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Continuing on with my backlog of blog post ideas from last week ….

While attending the Twins game last Thursday, Young Son and I made note of all the advertising around the field and video boards. The entire stadium is an advertisement because of its name – Target Field. Young Son commented about the high price of food at the stadium and I told him that those high prices, plus the ticket prices and advertising revenue were all ways for the Twins to make money in order to support the stadium and all of the employees, including the baseball players.

The following morning, I had this dream: I was reading a book by Neil Gaiman. It was supposed to be The Graveyard Book, which is currently sitting at my bedside waiting for a read, but as happens in dreams, it didn’t look like the non-dreamworld book. Instead, the cover made it look like a Curious George book. In the dream, I read a third of the way through the book, which was actually to the end of the book’s text. The rest of the book was packed with advertising.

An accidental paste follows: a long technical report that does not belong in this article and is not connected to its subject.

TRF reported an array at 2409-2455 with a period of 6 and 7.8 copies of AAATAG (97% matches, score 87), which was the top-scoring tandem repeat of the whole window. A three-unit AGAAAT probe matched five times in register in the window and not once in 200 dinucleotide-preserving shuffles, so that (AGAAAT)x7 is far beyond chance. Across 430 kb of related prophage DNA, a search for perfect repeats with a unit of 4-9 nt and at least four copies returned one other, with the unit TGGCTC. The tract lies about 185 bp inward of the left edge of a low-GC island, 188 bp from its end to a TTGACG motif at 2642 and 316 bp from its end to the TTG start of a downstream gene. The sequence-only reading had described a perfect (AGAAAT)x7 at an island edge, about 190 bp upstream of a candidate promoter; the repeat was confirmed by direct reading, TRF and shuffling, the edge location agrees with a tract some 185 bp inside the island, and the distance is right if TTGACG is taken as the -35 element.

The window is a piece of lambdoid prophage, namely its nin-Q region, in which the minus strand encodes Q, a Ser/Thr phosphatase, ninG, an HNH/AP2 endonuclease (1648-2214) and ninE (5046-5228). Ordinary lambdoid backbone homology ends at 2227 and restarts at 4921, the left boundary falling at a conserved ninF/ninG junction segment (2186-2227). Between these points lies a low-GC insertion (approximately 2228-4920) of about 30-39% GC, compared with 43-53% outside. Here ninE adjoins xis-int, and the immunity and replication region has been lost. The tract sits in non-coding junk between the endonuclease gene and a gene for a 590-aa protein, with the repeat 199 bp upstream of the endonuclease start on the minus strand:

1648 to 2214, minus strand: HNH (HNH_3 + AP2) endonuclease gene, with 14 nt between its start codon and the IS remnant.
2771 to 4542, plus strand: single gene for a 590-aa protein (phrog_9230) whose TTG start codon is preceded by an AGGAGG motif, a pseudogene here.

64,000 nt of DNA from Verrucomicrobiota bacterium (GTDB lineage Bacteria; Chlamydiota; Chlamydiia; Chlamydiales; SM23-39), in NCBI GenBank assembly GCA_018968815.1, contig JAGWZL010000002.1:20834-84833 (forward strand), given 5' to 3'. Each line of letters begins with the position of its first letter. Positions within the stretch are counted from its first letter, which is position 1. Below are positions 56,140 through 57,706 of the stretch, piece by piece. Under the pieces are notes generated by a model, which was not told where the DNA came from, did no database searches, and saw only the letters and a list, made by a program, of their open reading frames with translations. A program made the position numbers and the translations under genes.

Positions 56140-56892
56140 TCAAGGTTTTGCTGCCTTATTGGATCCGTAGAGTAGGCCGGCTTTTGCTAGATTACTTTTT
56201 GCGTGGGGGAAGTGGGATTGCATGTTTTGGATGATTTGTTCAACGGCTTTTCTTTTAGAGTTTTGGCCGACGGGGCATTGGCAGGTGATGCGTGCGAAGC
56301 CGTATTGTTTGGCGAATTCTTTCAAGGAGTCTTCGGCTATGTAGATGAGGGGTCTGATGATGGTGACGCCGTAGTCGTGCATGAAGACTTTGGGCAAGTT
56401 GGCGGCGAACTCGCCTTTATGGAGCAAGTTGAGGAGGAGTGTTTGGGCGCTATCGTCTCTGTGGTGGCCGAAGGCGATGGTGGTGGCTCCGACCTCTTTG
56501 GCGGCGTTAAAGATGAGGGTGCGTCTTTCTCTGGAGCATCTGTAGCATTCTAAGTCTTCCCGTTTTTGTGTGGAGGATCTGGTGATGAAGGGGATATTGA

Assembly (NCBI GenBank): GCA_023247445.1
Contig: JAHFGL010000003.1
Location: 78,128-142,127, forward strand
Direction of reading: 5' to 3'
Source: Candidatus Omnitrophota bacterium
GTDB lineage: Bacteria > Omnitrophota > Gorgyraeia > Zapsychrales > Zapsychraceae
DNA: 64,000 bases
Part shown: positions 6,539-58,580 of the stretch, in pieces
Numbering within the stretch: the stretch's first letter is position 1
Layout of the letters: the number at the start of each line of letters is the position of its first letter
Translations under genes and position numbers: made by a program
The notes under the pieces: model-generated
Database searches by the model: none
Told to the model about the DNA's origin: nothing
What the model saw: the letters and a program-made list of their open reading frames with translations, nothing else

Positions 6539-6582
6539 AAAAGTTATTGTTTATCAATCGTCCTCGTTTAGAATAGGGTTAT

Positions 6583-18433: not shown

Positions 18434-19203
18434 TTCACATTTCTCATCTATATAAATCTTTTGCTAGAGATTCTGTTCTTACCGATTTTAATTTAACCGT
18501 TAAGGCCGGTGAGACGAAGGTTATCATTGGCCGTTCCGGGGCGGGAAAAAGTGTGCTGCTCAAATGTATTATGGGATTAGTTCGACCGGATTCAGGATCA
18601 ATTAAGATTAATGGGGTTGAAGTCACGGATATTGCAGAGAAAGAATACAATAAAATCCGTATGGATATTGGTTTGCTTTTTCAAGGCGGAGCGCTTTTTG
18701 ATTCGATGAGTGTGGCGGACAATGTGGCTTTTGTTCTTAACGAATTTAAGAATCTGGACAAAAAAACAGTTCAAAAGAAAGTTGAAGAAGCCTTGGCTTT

I woke directly after this dream and thought, what if novelists were paid like ballplayers, with advertising revenue supporting their efforts? Making a living off of direct advertising revenue, like ads throughout their books, rather than through speaking fees? How might this change the way books are written?

Now, before you go thinking that this is a ridiculous idea, perhaps you should know that authors are on this path already. They have been offering individuals naming rights to characters and things in their novels, normally for charitable causes.  The aforementioned Gaiman has offered naming rights, as have Margaret Atwood, Nora Roberts, Stephen King, and a host of other authors. The leap from charitable naming rights to bona fide naming rights income is not a big stretch.

I don’t think that advertisements within novels is outside the realm of possibility. If you’re thinking to yourself, I’ll never read a book with a bunch of ads, perhaps you are an uncommonly sheltered individual who has never read a magazine.

What do you think? Would you accept a novel that contained advertising? Why or why not?

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